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Baker Homes Blog

Keeping you and your residents cool – NHS advice

Posted by Guest author on 01/07/15 09:42

The very young, the elderly and the seriously ill are particularly at risk when the weather is very hot. In particular, very hot weather can make heart and breathing problems worse.

"There is considerable evidence that heatwaves are dangerous and can kill," says Graham Bickler of Public Health England. In August 2003, temperatures hit 38ºC (101ºF) during a nine-day heatwave, the highest recorded in the UK.  "In the 2003 heatwave, there were 2,000 to 3,000 excess deaths [more than usual] in England. Across Europe, there were around 30,000 excess deaths."

Keeping cool and comfortable and reducing health risks.  If you are a landlord you might want to pass this on to residents:

  • Shut windows and pull down the shades when it is hotter outside. If it's safe, open them for ventilation when it is cooler.
  • Avoid the heat: stay out of the sun and don't go out between 11am and 3pm (the hottest part of the day) if you're vulnerable to the effects of heat.
  • Keep rooms cool by using shades or reflective material outside the windows. If this isn't possible, use light-coloured curtains and keep them closed (metallic blinds and dark curtains can make the room hotter).
  • Have cool baths or showers, and splash yourself with cool water.
  • Drink cold drinks regularly, such as water and fruit juice. Avoid tea, coffee and alcohol.
  • Stay tuned to the weather forecast on the radio or TV, or on the Met Office website.
  • Plan ahead to make sure you have enough supplies, such as food, water and any medications you need.
  • Identify the coolest room in the house so you know where to go to keep cool.
  • Wear loose, cool clothing, and a hat if you go outdoors.
  • Check up on friends, relatives and neighbours who may be less able to look after themselves.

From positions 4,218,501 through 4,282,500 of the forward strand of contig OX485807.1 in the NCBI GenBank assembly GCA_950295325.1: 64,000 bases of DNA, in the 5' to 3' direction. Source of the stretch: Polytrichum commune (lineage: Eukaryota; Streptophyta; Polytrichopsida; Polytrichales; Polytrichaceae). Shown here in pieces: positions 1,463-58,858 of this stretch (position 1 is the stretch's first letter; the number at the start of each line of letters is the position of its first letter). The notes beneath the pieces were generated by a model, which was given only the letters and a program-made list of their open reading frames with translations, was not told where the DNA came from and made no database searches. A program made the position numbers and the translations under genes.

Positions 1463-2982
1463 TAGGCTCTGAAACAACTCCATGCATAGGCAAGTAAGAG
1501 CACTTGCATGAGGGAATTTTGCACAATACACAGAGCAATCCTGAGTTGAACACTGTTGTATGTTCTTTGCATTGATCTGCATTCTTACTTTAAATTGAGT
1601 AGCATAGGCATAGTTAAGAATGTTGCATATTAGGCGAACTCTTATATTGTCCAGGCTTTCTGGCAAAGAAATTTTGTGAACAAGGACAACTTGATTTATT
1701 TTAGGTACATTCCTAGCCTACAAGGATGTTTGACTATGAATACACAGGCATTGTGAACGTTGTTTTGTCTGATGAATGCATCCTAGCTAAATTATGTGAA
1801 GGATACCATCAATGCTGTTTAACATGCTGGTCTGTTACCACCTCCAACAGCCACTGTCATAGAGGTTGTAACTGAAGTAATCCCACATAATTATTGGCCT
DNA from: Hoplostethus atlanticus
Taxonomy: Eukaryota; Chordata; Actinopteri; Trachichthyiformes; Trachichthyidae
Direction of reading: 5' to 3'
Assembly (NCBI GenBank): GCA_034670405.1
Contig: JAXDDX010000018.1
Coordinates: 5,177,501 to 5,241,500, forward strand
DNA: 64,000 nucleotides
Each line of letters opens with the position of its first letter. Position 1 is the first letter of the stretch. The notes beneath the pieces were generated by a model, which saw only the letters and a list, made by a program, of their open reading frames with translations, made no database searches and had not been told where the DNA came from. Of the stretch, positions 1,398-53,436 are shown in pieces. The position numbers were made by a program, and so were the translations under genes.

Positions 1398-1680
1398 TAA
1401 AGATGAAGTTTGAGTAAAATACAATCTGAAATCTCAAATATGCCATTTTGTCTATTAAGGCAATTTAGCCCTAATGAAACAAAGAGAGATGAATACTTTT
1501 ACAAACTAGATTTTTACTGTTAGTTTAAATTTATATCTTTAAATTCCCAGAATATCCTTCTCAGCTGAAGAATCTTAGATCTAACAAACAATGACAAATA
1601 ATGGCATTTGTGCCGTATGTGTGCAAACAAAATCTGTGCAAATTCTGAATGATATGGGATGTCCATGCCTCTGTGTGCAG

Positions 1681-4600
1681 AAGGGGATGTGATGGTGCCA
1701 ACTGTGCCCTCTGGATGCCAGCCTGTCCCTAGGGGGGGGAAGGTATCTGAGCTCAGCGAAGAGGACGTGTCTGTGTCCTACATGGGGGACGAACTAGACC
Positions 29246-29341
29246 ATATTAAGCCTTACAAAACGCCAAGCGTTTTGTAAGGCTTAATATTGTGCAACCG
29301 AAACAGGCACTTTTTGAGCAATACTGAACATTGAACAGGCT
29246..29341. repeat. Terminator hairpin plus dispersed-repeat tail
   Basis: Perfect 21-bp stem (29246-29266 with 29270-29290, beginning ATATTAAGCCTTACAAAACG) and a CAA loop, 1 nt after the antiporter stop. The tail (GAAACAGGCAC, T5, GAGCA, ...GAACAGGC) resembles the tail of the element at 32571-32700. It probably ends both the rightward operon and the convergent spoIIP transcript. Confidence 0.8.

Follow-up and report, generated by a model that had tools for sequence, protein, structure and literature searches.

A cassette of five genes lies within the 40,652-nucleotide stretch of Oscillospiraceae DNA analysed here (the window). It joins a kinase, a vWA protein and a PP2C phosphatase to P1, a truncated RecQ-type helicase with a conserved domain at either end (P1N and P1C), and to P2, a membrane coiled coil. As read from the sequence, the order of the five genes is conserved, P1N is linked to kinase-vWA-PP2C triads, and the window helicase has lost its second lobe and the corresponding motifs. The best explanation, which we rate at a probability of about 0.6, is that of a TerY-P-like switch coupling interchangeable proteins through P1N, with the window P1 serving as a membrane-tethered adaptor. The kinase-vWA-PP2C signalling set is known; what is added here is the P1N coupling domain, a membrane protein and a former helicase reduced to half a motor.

Find out more about what to do during a heatwave alert level twolevel three or level four.

If you're worried about yourself or a vulnerable neighbour, friend or relative, you can contact the local environmental health office at your local authority.

Environmental health workers can visit a home to inspect it for hazards to health, including excess heat. Find your local authority on the GOV.UK website.  

How do I know if someone needs help?

If someone feels unwell, get them somewhere cool to rest. Give them plenty of fluids to drink.

Seek medical help if symptoms such as breathlessness, chest pain, confusion, weakness, dizziness or cramps get worse or don't go away.  Find out about the symptoms of dehydration.

What you can do to reduce overheating in homes

Baker Homes has written numerous publications on reducing overheating and other issues such as flood risk.  The following are available for free from our publications page:

  • Your Social Housing in a Changing Climate
  • The Business Case: Incorporating adaptation measures in retrofits
  • A Checklist for Retrofits: Measures to incorporate when planning a retrofit

We were also involved in the recent research on overheating by the Zero Carbon Hub. Available here.

Topics: Retrofit, Health, Overheating, Climate change, Wellbeing

'THE REVIEW' details the achievements and progress of the social housing sector on key environmental performance metrics. Download the report below 

Baker Homes, The Review, UK social landlords environmental performance, environmental benchmarking

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